What is the best way to screen grade 6-8 students to find out who is most at risk of failing high-stakes reading assessments?
Is it an oral reading fluency (ORF) measure that is similar to the measures that have been shown to be effective in assessing reading competence in elementary school?
And what about silent fluency reading measures? Do they work in the same way as ORF measures?
The answer proves to be all too obvious. After testing 1,421 middle school students with 10 reading measures ( 3 comprehension, 3 silent reading fluency, 3 oral reading fluency and 1 vocabulary) a team of Texas researchers says look no further than last year’s high-stakes assessment test. The best way to identify students who are at risk for failing the next state test is to look at those who performed poorly on the last state test.
While this may make you feel sheepish, on the positive side, this means you don’t need to devote resources to an additional screening measure, according to the team of researchers led by Carolyn Denton at the Children’s Learning Institute at the University of Texas Health Science Center in Houston. “
Based on our findings, educators of middle school students may be best able to identify students at risk for failing state high-stakes reading comprehension tests by examining students’ performance on these tests during the previous school year,” they write in a recent issue of Scientific Studies of Reading.
“The use of these assessments would need to be evaluated in each different state, but the advantage in terms of reducing the need for additional assessment of all students in middle schools is significant.”
Reading fluency and other measures should be used for diagnostic purposes and to monitor progress, although more research will be needed to validate this, writes the team.
The study also has implications for instruction. Some educators are providing fluency instruction to middle schoolers on the basis of research that suggests fluency impacts reading comprehension. But this study found that this is not necessarily valid at grades 6-8 when the relation between fluency and comprehension is weaker than observed with young children, the researchers write.
“Older students with reading comprehension difficulties are likely to need interventions that directly address vocabulary, word knowledge, and comprehension processes,” the study says. “Rather than addressing only decoding and fluency, it is likely that interventions for secondary-levels students who struggle with reading comprehension must include extensive, explicit instruction in making meaning from text.”
While the study found a significant relationship between ORF and comprehension for grades 6-8, that relationship is weaker than it is for grade 1-4 children. Additionally, ORF measured in connected text is more closely related to reading comprehension for grades 6-8 students than ORF measured in word lists. For elementary students, ORF in word lists is more related to comprehension.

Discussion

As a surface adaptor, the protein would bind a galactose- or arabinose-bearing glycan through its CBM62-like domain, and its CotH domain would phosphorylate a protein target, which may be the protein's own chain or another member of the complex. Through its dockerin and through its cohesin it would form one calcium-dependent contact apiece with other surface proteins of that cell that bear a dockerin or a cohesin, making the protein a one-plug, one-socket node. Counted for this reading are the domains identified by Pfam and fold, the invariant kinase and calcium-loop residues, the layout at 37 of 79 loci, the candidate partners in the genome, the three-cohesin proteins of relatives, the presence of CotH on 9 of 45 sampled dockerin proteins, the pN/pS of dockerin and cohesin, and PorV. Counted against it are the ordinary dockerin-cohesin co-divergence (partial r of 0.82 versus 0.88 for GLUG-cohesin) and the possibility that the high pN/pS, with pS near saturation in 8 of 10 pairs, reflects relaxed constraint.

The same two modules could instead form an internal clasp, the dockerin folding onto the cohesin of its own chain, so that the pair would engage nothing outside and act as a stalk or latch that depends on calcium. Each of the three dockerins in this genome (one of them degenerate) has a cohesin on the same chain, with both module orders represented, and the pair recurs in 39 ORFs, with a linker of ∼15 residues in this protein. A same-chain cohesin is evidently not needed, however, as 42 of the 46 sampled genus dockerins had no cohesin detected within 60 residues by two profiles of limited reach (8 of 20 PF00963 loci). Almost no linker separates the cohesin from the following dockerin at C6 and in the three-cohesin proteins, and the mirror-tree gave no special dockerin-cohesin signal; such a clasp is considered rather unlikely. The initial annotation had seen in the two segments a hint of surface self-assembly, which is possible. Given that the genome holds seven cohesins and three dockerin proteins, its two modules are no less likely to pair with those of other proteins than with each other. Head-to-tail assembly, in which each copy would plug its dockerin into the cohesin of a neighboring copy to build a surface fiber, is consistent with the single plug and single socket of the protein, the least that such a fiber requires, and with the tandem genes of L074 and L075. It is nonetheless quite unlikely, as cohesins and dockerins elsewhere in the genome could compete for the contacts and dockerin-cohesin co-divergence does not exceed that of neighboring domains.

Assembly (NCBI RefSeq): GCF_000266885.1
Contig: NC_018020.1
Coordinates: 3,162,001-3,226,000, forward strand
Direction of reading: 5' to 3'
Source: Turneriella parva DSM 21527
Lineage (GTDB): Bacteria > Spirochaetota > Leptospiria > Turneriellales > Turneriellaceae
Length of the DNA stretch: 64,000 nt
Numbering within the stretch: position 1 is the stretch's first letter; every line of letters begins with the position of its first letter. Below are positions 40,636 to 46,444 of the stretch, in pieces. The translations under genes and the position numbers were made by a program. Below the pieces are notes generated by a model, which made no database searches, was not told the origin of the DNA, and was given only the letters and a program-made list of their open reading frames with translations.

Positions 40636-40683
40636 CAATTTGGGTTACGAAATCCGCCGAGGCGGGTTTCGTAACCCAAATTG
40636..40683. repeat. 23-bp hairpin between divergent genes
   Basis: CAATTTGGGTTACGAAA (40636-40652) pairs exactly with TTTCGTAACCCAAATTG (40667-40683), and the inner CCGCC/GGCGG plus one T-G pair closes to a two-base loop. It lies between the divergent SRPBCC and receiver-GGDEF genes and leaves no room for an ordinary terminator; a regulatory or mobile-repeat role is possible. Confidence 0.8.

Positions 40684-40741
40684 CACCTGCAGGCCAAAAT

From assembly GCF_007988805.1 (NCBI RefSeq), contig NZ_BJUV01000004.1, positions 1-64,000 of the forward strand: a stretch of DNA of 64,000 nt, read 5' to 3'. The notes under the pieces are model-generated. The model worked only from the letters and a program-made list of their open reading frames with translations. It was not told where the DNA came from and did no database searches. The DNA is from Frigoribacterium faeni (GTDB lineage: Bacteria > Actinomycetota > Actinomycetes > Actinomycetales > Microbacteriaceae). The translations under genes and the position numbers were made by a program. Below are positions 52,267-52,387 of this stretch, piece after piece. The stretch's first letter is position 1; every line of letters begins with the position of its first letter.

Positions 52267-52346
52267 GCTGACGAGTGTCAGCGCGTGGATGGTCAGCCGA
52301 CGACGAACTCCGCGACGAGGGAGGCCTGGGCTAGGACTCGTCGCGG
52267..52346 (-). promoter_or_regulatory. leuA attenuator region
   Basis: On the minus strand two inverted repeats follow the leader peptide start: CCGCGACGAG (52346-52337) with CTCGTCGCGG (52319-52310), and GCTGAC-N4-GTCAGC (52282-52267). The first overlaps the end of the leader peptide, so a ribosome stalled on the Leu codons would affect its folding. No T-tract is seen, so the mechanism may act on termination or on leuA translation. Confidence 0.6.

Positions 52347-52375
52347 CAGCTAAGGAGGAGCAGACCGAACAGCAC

ORF is most often measured by timing a student reading one or more passages orally for 1 to 2 min, counting the total number of words read during that time period, subtracting error words, and calculating the number of words read correctly per minute. This can be a time-consuming process when screening a large number of children.
Another bit of good news from this study is that group-administered silent reading sentence verification tests are a viable alternative to individually administered ORF measures for predicting comprehension. Of the silent reading measures used in this study, TOSREC (Wagner et al., 2010), was the most strongly related to comprehension, the researchers write.
TOSREC is a 3-minute, group-based sentence verification task in which students read sentences and indicate whether they are true or false. The items are designed so that if the sentences are read correctly, they can be identified as true or false using general world knowledge (e.g. All birds are blue), the study says.
Maze or cloze tests in which students are asked to supply a missing word in the text, typically from 3 word choices, are weakly correlated with reading comprehension, according to this study.
High cut scores recommended
All of the fluency measures in the study could be classified as “fair” predictors of student performance on the Texas state assessment, the researchers write. However, to maintain sensitivity levels of 90% or higher, very high cut scores must be adopted. The researchers recommend a cut score of the 50th percentile to limit both false positives and false negatives.
When ORF is used to diagnose a student’s difficulties with reading, the researchers provide the following guidelines from their study to target interventions:
- Students with decoding, oral reading fluency and reading comprehension difficulties performed approximately 2.5 SDs below students with only comprehension difficulties on ORF curriculum-based measures
- Students with primarily reading fluency and comprehension difficulties but stronger decoding perform approximately .5 SDs below students with only comprehension difficulties on the same measure.
Participants in the study were 1,421 ethnically diverse 6th, 7th and 8th-grade students from 7 middle schools in the southwestern U.S. The ethnic make-up was 38% Hispanic, 39% African American, 19% Caucasian and 4% Asian and other.
About 54% of the students were struggling readers, defined as students who failed the state reading achievement test, the Texas Assessment of Knowledge and Skills (TAKS).
“The Relations Among Oral and Silent Reading Fluency and Comprehension in Middle School: Implications for Identification and Instruction of Students With Reading Difficulties,” by Carolyn Denton et al., Scientific Studies of Reading, 2011, Volume 15, Number 2, pps. 109-135.